Front of the barn
|Location||Southern side of State Route 511, east of Quarry Rd. and west of Oberlin, Ohio|
|Area||1 acre (0.40 ha)|
|Architect||Charlie Glen; Fred Copland|
|Architectural style||Art Nouveau|
|NRHP Reference #||79001889|
|Added to NRHP||March 21, 1979|
The Reamer Barn is a historic barn near the village of Oberlin in the northeastern part of the U.S. state of Ohio. Constructed at the end of the nineteenth century, it was built to house a gentleman farmer's cattle herd, and it has been named a historic site because of its distinctive architecture.
Born in nineteenth-century Pennsylvania, Daniel P. Reamer moved to northeastern Ohio and established general stores in Oberlin and the nearby village of Wellington. He left the region in 1872 and settled in Leavenworth, Kansas, where he became a successful door-to-door seller of furniture to businesses and government offices, working for the A.H. Andrews Furniture Company. His standing within the company was high enough that he was seemingly able to get his nephew Robert a job with the firm, but within a few years he decided to return to Ohio. He accomplished this goal in the late 1870s, and twenty years after settling back into Oberlin, he chose to purchase a small herd of Jersey cattle and arranged for the construction of a new barn to house them. Rather than building a simple vernacular structure for his cattle, he obtained the services of an architect: his nephew Daniel A. Reamer, who produced a Swiss-influenced Gothic Revival design. Constructed on the foundation of an earlier structure completed in 1837, the new barn served Reamer for three years until his 1900 death. Reamer's former neighbors across the road, the Dudley family, purchased his property in 1907, which they proceeded to operate as a dairy farm into the 1950s. Later owners have not continued the barn's original use; by the 1970s, it was used only for storage.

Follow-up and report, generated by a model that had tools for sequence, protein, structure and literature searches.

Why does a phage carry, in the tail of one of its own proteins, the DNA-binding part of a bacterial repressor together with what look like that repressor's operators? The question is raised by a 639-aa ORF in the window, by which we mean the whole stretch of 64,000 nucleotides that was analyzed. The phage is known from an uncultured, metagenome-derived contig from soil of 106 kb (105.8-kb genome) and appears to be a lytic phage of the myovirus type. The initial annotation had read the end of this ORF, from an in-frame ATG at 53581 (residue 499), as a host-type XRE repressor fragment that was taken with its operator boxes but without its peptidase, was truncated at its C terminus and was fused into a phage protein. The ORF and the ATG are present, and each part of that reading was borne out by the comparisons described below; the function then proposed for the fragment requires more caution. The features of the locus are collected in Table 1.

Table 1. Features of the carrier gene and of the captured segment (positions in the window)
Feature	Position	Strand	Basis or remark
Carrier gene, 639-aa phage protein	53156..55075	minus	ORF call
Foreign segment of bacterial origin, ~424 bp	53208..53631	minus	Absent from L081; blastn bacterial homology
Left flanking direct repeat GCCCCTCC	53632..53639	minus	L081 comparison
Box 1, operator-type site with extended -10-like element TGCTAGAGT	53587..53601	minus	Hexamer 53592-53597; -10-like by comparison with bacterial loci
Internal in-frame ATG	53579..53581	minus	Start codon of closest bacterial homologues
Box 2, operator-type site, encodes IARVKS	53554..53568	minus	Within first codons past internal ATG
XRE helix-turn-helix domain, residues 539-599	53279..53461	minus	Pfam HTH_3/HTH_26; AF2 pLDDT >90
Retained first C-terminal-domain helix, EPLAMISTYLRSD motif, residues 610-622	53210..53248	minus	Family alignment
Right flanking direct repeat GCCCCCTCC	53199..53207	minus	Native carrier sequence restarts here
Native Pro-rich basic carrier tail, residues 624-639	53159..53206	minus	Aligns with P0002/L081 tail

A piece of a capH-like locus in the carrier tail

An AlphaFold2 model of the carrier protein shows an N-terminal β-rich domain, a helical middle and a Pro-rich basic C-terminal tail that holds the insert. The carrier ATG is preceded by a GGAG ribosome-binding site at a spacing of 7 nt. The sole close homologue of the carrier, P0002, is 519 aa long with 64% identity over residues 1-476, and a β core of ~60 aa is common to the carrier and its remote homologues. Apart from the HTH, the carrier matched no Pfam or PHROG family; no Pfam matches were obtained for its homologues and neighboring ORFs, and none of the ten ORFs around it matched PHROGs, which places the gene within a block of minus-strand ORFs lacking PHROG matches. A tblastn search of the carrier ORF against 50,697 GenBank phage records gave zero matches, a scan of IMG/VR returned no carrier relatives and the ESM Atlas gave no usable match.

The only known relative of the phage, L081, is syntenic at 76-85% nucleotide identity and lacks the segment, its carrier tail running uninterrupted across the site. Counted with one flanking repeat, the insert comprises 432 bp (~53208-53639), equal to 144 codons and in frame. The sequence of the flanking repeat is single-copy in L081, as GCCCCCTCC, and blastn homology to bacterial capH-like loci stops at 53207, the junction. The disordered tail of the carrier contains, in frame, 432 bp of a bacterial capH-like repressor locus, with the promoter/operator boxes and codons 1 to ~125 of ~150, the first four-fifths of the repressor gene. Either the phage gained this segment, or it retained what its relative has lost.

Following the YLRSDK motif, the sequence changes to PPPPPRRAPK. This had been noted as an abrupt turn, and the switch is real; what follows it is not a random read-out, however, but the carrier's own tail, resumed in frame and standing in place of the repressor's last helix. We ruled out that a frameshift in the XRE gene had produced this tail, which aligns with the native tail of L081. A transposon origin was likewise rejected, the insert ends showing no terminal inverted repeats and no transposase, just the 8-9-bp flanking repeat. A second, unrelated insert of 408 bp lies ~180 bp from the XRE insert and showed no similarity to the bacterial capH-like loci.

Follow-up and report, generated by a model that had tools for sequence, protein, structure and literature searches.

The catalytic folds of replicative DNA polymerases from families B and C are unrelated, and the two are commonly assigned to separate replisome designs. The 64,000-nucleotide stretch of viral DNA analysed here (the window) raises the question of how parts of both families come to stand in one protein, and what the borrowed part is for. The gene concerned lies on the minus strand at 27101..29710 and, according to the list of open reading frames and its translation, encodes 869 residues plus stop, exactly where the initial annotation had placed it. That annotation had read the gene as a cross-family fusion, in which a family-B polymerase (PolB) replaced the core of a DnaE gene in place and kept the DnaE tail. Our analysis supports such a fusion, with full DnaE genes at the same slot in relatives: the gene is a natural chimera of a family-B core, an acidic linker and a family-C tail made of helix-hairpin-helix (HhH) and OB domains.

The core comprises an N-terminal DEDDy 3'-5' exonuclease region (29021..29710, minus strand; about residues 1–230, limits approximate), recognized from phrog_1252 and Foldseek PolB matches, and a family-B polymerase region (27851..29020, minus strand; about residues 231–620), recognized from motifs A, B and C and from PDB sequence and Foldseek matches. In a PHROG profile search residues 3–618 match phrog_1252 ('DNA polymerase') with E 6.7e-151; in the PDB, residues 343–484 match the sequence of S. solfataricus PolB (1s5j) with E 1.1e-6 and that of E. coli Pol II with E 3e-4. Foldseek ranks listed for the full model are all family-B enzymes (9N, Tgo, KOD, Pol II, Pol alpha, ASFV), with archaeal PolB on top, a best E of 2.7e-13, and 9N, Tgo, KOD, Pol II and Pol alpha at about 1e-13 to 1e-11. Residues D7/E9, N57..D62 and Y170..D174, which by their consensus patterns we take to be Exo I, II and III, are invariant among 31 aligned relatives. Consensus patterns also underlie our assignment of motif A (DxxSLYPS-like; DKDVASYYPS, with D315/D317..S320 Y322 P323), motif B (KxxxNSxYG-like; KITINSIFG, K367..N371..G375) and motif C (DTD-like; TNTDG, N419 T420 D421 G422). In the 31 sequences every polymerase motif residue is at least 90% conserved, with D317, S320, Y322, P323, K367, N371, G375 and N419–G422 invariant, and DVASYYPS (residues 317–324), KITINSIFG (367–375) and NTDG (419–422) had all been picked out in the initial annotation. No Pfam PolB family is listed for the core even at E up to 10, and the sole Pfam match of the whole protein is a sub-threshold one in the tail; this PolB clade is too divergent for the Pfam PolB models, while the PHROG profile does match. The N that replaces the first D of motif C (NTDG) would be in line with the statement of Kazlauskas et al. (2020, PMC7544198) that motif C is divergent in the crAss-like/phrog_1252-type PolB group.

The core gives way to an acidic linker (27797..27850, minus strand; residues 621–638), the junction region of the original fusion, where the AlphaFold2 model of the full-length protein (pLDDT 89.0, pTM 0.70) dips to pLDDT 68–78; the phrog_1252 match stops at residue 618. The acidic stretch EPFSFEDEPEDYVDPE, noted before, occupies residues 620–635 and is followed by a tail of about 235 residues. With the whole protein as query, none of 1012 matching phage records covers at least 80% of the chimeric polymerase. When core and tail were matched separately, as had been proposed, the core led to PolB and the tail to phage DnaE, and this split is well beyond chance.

An Art Nouveau structure built with weatherboarded walls, the Reamer Barn is topped with three distinctive ventilators on the gabled roofline. Other significant elements of the design include the rounded panels partway up the sides, and an ornamental bargeboard that extends 3 feet (0.91 m) out from the northern end of the building. These elements won the barn attention soon after its construction, both because of their practical benefits and because of their rarity as architectural styling on a farm building.
Although it had been converted into storage, a historic preservation survey of New Russia Township conducted in the late 20th century deemed the Reamer Barn one of the township's most significant buildings. As such, it was listed on the National Register of Historic Places in early 1979 because of its architecture. It is one of twelve National Register-listed locations in and around Oberlin.
- "National Register Information System". National Register of Historic Places. National Park Service. 2010-07-09.
- Blodgett, Geoffrey. Oberlin Architecture, College and Town: A Guide to Its Social History. Oberlin: Oberlin College, 1985, 159-160.
- Quinn, Ruth. "Overcoming Obscurity: The Yellowstone Architecture of Robert C. Reamer". Yellowstone Science 12.2 (2004): 23-40: 24.
- Owen, Lorrie K., ed. Dictionary of Ohio Historic Places. Vol. 2. St. Clair Shores: Somerset, 1999, 896.
- Reamer Barn, Ohio Historical Society, 2007. Accessed 2013-04-28.